Canadian Aviation Pride, or CAP for short, is a national organization of LGBTQ+ aviators engaged in not-for-profit work to unite, celebrate and promote diversity in the industry. We count flight attendants, air traffic controllers, aviation engineers and other aviators amongst our ranks, though the vast majority of our members are pilots. Most of our Board members are located in Vancouver or Toronto, and as a result, most of our events happen in these two cities, with more recent branching out to Montreal and a few western cities.
Being able to participate in an event in Eastern Canada was a really exciting opportunity for us, and I was pleased to represent CAP as the board donated 100 of our signature rainbow airplane necklaces and a bunch of other swag to hand out to the kids.
A big factor for us is to be models of what well-adjusted, “successful” professionals who happen to be queer might look like. This helps both LGBTQ+ youth to see themselves reflected in an exciting industry that we want them to consider, and their families, who may not yet know or may still be adjusting to the fact their their child is queer. It provides a standard for straight families to see what a gay person in aviation might look and sound like beyond a flamboyant pride parade. It also helps to normalize an often still stigmatized identity for queer families, those with two moms or two dads, etc. Lastly, it allows us to be open and visible for aviators who identify internally as LGBTQ+ but are not (yet) out themselves. We can be brave for others who are still gathering the courage to bring their whole selves to their work or hobbies.
As a queer woman, I have additional motives as well.
In Canada (and indeed throughout most of the world), flight decks comprise only about 6% women. While there are some exceptions (most notably, Porter Airlines in Toronto), most airlines are still holding steady at 6%, and this figure has been extremely slow to reach. So, I want to promote not only LGBTQ+ inclusion in aviation, but more specifically, WOMEN in aviation, queer or otherwise!
PEI is a particularly challenging environment for this work. The local flight club is made up almost exclusively of men, with wives and girlfriends being included only for things like administrative and other “helper” tasks. (The registration desk at this event was staffed entirely by women!)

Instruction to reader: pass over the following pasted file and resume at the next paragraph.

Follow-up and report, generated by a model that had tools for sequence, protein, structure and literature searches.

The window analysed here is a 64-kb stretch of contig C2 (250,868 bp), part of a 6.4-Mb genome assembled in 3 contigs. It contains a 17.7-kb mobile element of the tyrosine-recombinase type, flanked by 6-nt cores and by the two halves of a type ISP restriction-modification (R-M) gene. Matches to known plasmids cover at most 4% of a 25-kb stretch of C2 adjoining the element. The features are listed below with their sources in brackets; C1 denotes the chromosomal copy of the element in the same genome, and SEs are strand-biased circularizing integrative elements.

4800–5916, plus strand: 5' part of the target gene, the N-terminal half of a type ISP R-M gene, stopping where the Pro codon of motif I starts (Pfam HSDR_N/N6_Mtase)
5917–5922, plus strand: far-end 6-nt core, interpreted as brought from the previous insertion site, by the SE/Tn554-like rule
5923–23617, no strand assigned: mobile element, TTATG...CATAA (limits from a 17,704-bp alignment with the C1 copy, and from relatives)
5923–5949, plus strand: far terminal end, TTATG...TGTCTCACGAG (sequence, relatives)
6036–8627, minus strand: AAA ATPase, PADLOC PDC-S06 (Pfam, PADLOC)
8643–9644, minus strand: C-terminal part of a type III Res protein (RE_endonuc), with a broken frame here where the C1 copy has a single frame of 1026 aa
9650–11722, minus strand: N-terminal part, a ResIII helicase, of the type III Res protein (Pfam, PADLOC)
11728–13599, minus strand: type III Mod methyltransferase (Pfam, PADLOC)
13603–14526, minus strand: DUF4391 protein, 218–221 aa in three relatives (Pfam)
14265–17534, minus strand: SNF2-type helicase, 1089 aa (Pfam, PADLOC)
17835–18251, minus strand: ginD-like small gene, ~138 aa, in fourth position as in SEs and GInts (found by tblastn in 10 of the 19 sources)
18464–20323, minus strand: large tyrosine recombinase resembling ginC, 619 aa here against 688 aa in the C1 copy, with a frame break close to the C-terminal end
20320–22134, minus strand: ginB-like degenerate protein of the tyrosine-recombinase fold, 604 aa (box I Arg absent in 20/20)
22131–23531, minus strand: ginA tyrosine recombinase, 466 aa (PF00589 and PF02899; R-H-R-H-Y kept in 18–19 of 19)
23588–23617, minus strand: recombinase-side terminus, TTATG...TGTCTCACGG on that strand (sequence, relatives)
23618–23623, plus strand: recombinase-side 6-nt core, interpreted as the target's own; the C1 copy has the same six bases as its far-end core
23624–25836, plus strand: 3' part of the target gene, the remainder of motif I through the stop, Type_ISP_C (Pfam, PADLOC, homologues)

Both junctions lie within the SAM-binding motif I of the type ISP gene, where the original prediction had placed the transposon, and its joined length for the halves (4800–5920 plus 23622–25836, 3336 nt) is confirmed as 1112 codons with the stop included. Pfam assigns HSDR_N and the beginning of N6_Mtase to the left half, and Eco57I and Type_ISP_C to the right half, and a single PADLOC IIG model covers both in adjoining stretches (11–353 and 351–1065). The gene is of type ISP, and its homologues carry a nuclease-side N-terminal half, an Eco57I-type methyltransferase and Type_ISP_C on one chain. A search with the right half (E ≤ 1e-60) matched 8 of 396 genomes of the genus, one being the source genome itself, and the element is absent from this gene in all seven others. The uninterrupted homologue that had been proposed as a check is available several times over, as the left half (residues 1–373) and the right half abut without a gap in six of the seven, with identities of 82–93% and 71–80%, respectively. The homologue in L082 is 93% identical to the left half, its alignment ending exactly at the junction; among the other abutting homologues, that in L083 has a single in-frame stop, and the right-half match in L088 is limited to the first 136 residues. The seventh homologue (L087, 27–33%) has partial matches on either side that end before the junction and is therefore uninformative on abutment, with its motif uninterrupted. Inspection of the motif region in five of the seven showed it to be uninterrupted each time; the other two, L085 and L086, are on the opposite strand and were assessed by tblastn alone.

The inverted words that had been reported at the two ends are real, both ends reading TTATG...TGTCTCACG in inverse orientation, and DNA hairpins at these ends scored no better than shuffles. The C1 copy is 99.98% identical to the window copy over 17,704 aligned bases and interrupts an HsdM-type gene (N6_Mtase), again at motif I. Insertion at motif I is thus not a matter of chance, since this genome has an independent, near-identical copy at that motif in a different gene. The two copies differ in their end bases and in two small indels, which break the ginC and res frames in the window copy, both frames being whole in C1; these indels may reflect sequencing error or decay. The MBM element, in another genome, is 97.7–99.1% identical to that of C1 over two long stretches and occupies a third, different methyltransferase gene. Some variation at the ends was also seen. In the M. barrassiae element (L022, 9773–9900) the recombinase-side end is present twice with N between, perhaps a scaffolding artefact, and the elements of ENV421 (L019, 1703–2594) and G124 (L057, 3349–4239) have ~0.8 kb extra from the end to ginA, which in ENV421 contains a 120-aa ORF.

The boys and their families also subconsciously adopt this image. Aviation is for boys and men.
So, as I chatted with the kids and their parents who visited our colourful booth, I made sure to talk about the fact that I, too, am a licensed pilot, and that my partner, a woman, works as a pilot for a commercial airline. This was an important message for the girls to hear, as well as their brothers, and their parents!
Happily, as the grey skies cleared up, I got to help on the ramp, directing groups of kids to the planes for their free fam flight. This meant that I had a direct hand in working with each pilot to arrange who sat where.
You can be sure that I made certain that for every group I had with a girl in it, the girl got the right seat, up front, at the controls!!!
I’m happy to have had the opportunity to represent CAP in Prince Edward Island this summer. And while I am grateful to Flight 57 for including us, and for all the volunteer pilots who came out to ignite a passion for flying in the kids whose parents registered, I am also hopeful that as a result of meeting an actual email pilot and being able to spend 20 minutes at the controls of an airplane in flight, future years will include some female volunteer pilots on this still very traditional little island.